Figure 19: Remove files you wish not to track

There's a lot going on in Figure 19, so let's break it down step by step.

First, using the tree command, I show the current structure of my working tree. Note that my gitignore has instructed Git to ignore afolder and env.txt, but afolder\secondfile.md is already being tracked. The afolder\anewfile.md was created after the gitignore file was created, so it's not being tracked.

Next, I ask Git to remove files from the index recursively using the -r option, but using the --cached option, I instruct Git to remove files only from the index but leave the working tree alone. Long story short, this means: Leave my local files alone but fix the Git repo.

Running this command informs me of the changes Git made. It didn't remove the files from my disk though. To fully understand the changes, I then run a Git status command, which tells me that it deleted .gitignore, but not really - it now shows .gitignore as untracked. This means that now when I do a git add ., those untracked files will now be tracked. But you know what won't be tracked? The afolder/secondfile.md won't be tracked going forward.

This achieves my goal of telling Git, hey, really, stop tracking this entire folder, just like my .gitignore instructs you to do.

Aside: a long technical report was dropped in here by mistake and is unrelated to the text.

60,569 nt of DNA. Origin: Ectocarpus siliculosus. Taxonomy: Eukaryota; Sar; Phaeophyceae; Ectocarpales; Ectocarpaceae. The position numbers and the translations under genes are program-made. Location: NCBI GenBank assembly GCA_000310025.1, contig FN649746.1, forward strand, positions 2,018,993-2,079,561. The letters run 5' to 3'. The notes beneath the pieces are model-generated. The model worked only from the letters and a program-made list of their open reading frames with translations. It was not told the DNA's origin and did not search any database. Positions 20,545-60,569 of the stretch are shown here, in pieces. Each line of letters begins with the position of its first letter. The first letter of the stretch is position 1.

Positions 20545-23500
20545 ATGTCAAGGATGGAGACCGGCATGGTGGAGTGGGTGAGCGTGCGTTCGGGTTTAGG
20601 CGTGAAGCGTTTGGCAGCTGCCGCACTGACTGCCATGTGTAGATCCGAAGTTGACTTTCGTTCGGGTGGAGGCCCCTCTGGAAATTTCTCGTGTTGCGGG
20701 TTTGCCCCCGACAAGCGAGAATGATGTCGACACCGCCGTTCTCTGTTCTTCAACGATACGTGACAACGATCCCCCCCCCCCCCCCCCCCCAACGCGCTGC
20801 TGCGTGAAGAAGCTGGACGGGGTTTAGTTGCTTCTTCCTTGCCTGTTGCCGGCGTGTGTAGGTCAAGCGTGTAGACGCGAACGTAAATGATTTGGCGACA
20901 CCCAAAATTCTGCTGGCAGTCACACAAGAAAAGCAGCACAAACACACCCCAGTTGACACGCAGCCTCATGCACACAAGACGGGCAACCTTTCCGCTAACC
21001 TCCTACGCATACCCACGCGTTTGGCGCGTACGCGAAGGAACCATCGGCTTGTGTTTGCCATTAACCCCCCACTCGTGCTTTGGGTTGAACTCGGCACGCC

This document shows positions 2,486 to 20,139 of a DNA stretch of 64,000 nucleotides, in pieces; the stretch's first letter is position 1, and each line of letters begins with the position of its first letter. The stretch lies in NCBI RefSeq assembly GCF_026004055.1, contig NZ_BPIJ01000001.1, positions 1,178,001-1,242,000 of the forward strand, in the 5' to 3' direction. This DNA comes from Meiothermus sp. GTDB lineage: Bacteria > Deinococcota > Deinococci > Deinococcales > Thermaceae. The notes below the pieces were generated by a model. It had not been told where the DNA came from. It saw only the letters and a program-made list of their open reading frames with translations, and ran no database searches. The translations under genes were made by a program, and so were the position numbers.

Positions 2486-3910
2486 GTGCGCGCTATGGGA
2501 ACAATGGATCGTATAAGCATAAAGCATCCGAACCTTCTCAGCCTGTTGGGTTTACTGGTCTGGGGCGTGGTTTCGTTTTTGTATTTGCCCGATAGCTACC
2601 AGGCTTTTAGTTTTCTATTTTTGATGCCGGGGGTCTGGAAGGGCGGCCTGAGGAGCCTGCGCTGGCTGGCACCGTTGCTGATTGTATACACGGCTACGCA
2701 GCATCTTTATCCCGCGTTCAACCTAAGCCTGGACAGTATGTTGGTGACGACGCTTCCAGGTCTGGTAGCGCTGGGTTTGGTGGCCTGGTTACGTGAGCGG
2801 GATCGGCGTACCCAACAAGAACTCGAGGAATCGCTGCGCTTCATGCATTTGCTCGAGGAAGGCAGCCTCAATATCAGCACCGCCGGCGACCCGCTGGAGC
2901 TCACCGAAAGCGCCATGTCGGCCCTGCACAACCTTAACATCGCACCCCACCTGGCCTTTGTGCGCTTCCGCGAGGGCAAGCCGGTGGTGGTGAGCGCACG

To put things simply, simply adding a .gitignore won't cause Git to stop tracking files that are already being tracked but match the .gitignore spec. This is by design. To actually untrack files, you also need to remove them from the index.

Now, go ahead and do an add, commit, and push. Now your Git repo should look like Figure 20.

Figure 20: Git repo with my cleaned-up index
Figure 20: Git repo with my cleaned-up index

You can imagine that afolder could be something like node_modules, or something that you actually wanted to get rid of.


When you're working on a software project, you're editing files. This is your source code, and you need plenty of things to help you keep control of what's being committed. You've already seen a Git command called Git status that lets you do this at file level. But what about changes inside a file? Perhaps you want a good way to compare two versions of a file and get a clear idea of what changes will be made if you push your changes.

Let's understand this with an example. The current state of my Git repo is shown in Figure 21.

Figure 21: My Git repo's starting point
Figure 21: My Git repo's starting point

As can be seen in Figure 21, I have one file in the root called dontreadme.md, and a few other files and folders (mostly ignored by gitignore). What I wish to do is add some text to dontreadme.md and create a new file called readme.md.